I just don’t think that’s how historians work a lot of the time. History’s much more complex than that. It’s more nuanced; it’s more detailed. We’re looking at things in all sorts of different ways. And so I think we have to be a little bit careful about the way that we react to these kinds of criteria. They can be terribly wooden. They can be excuses often not to think very clearly.
And worst of all, sometimes what historians of the New Testament — sometimes what historical Jesus scholars do — is they’ll take a tradition they rather like the look of subjectively and then they’ll find some criteria that they can use to make it sound like it’s more plausibly historical. So the criteria are often applied after the fact, rather than before the fact. So there’s sort of the appearance of science, the appearance of a sort of scientific validity to what they’re doing. It’s often just an appearance.
This is the kind of honest discussion I wish we’d see more of in NT scholarship. But we’re not going to get anything like that from Dr. Blomberg.
Because, you know, why not?
For Blomberg any story and any saying just might go back to the historical Jesus. As an example of his “methodology” I’ve been trying to narrow it down to a good case. I’ve chosen the Raising of Lazarus, which I hope will serve to demonstrate what I’m talking about.
Blomberg entitles this section (p. 164) “The Resurrection of Lazarus.” I would prefer “raising” to “resurrection,” since Lazarus is (as far as we know) going to have to die again. Blomberg acknowledges that fact by calling the miracle “an account to reawakening to mortal life [emphasis mine].” It’s a good-news/bad-news sort of thing. “Yes, you’ve been resurrected, but there’s a downside, Lazarus. Maybe you ought to sit down for this.”
Paralleled but independent
Blomberg immediately reminds us that stories of the dead being raised to life can be found in the Synoptics. For him the stories of Jairus’ daughter and the son of the widow of Nain give us general attestation to stories of Jesus raising people from the dead. Champions of Johannine independence love this kind of “evidence.” It shows parallelism without dependence. Of course, one big difference here in John is how long he’s been in the tomb. Lazarus isn’t freshly dead, but four-days dead. So, as Martha so eloquently put it, “Lord, by this time he stinketh.”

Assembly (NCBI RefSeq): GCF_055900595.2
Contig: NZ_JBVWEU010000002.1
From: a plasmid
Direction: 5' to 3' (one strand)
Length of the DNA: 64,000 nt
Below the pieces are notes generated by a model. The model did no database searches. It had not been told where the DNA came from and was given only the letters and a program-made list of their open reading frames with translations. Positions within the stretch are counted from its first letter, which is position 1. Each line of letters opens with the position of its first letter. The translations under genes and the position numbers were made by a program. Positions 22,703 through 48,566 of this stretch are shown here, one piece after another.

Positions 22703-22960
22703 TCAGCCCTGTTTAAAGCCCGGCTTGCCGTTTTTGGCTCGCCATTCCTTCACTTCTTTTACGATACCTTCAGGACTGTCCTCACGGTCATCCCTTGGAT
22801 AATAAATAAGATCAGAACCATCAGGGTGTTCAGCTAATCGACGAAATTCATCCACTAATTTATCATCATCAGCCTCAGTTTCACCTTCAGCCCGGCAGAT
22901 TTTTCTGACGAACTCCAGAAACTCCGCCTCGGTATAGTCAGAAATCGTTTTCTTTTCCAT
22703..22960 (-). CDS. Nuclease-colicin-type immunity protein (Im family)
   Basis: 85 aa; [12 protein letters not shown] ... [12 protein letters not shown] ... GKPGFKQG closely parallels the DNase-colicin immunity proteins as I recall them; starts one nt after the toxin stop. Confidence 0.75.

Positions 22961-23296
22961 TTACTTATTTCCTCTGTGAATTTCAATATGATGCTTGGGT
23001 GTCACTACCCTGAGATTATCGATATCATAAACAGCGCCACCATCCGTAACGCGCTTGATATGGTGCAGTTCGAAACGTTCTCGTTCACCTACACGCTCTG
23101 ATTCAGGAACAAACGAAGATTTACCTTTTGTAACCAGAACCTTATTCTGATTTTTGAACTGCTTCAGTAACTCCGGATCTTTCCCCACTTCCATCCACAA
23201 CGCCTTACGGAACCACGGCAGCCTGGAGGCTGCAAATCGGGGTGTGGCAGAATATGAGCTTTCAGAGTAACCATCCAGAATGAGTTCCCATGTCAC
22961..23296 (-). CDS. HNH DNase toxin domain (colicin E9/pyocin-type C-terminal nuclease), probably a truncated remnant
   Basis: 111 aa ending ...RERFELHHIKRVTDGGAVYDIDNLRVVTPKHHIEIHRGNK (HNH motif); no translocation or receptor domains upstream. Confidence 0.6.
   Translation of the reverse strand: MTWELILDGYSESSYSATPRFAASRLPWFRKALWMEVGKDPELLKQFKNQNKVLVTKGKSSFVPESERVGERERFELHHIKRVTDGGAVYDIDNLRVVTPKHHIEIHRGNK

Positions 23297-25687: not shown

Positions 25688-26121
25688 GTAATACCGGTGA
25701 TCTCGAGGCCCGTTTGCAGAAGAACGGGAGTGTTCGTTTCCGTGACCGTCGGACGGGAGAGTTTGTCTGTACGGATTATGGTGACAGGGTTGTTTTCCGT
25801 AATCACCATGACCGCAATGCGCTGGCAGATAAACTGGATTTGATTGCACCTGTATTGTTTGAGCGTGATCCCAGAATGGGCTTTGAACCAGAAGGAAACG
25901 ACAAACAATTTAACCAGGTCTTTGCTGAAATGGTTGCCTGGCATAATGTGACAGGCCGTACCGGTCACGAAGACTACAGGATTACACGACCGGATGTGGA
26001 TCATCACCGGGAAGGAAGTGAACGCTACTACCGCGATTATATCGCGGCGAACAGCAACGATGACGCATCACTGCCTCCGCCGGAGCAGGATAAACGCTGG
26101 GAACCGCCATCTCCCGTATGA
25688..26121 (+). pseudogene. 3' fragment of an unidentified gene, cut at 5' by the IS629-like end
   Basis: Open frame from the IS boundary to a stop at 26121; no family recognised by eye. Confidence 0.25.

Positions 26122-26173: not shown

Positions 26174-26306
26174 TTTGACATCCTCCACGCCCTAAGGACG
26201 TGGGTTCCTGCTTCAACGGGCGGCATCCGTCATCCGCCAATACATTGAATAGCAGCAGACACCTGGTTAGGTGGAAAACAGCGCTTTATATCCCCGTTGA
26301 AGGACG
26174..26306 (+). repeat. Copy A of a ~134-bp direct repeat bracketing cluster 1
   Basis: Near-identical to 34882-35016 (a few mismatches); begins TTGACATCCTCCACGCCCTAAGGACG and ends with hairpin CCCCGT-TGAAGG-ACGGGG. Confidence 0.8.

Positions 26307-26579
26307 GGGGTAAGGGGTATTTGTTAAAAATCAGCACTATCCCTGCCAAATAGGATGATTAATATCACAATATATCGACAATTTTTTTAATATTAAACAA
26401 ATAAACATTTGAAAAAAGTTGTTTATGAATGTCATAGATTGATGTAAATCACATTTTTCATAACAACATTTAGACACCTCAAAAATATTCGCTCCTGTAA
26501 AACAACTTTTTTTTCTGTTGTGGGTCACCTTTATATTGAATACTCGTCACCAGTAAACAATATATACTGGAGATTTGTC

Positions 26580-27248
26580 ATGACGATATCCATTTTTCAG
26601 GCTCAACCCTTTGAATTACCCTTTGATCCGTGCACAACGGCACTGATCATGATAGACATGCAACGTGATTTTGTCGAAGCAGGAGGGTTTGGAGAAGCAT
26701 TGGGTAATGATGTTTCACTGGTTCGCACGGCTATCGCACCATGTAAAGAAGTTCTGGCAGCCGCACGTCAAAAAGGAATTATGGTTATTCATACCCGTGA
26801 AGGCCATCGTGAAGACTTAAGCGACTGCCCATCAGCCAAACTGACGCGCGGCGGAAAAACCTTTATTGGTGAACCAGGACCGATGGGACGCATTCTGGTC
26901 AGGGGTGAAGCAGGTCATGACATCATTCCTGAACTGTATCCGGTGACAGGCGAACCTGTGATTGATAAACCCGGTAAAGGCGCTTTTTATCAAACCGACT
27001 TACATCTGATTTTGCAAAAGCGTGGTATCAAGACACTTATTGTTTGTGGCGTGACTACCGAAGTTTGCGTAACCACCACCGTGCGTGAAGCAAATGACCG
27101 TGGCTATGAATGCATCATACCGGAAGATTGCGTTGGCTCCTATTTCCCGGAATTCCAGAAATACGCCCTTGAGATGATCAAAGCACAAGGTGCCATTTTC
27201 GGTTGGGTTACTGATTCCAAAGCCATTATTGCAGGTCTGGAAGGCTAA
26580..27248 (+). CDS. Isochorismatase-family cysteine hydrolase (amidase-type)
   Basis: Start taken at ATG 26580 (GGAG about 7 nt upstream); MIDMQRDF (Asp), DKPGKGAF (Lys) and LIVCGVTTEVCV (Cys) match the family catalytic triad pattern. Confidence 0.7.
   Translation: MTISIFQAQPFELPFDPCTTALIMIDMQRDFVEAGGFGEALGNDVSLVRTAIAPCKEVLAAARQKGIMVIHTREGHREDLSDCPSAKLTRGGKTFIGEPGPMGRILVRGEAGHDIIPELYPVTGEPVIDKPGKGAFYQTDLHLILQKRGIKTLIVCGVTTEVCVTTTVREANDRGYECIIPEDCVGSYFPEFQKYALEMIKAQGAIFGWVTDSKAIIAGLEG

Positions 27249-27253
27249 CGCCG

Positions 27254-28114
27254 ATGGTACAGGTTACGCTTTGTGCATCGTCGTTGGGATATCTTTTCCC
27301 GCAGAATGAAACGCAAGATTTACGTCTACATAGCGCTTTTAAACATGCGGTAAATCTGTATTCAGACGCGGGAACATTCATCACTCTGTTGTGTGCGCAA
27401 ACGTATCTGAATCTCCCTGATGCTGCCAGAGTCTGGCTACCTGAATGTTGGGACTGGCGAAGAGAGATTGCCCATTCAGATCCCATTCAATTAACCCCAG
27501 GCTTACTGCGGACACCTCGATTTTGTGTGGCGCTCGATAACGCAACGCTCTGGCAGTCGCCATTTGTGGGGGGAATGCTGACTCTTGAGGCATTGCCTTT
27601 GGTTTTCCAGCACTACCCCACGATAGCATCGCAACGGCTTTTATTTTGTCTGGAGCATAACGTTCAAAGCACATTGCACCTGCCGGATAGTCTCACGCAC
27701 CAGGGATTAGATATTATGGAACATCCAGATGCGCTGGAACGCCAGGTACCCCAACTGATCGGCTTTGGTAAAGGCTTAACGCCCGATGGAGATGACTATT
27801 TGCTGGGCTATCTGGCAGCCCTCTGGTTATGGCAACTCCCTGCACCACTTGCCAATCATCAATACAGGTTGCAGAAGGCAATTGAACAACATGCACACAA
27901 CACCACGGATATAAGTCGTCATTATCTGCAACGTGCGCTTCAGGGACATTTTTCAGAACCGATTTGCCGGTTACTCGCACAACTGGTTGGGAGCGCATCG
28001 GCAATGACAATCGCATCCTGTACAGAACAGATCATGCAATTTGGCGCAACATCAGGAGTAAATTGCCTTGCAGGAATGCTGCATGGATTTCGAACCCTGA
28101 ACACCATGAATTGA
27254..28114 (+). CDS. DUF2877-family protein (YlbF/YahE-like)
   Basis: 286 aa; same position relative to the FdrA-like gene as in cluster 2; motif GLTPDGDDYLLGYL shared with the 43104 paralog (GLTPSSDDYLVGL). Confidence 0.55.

But if the other evangelists have time to tell us about those other resuscitation stories, shouldn’t we be somewhat surprised that they didn’t mention this one? Not at all, says Craig. It simply “does not fit into their outlines.” In modern parlance, it ended up on the cutting room floor. For conservative scholars like Blomberg, all the evangelists were aware of all the oral tradition. They carefully picked and chose from that tradition to fit the story they wanted to tell. So we have to imagine the author of John thinking, “Well, I’d love to add in the Sermon on the Mount, but there just isn’t space for it.”
Do you believe in miracles?
The fact, then, that Lazarus’ reanimation is not multiply attested in the gospels is no big deal. But wait. This is a miracle story — how can we establish the historicity of a supernatural event? Isn’t this a problem for Blomberg? Don’t be silly. It’s your problem, not his. Blomberg can’t help you if you have a closed mind about miracles. He writes:
Of course, if one comes to these texts already convinced that resurrections under no circumstances, no amount of evidence will persuade one of historicity. (p. 165)
Don’t you hate it when people have closed minds like that? As I told my wife recently, “If you refuse to believe in alien abductions, then I don’t see any further point in explaining why I’m late.”
The Historical Reliability of John’s Gospel is a good example of a recent group of works that aspire to serious scholarship while “keeping an open mind” about the possibility of supernatural reasons for events that occur in human history. More than that, they argue that a miracle is sometimes the best explanation. For example, in Eddy and Boyd’s The Jesus Legend: A Case for the Historical Reliability of the Synoptic Jesus Tradition, the authors dismiss stodgy old methodological naturalism and recommend instead the “Open Historical Critical Method,” writing: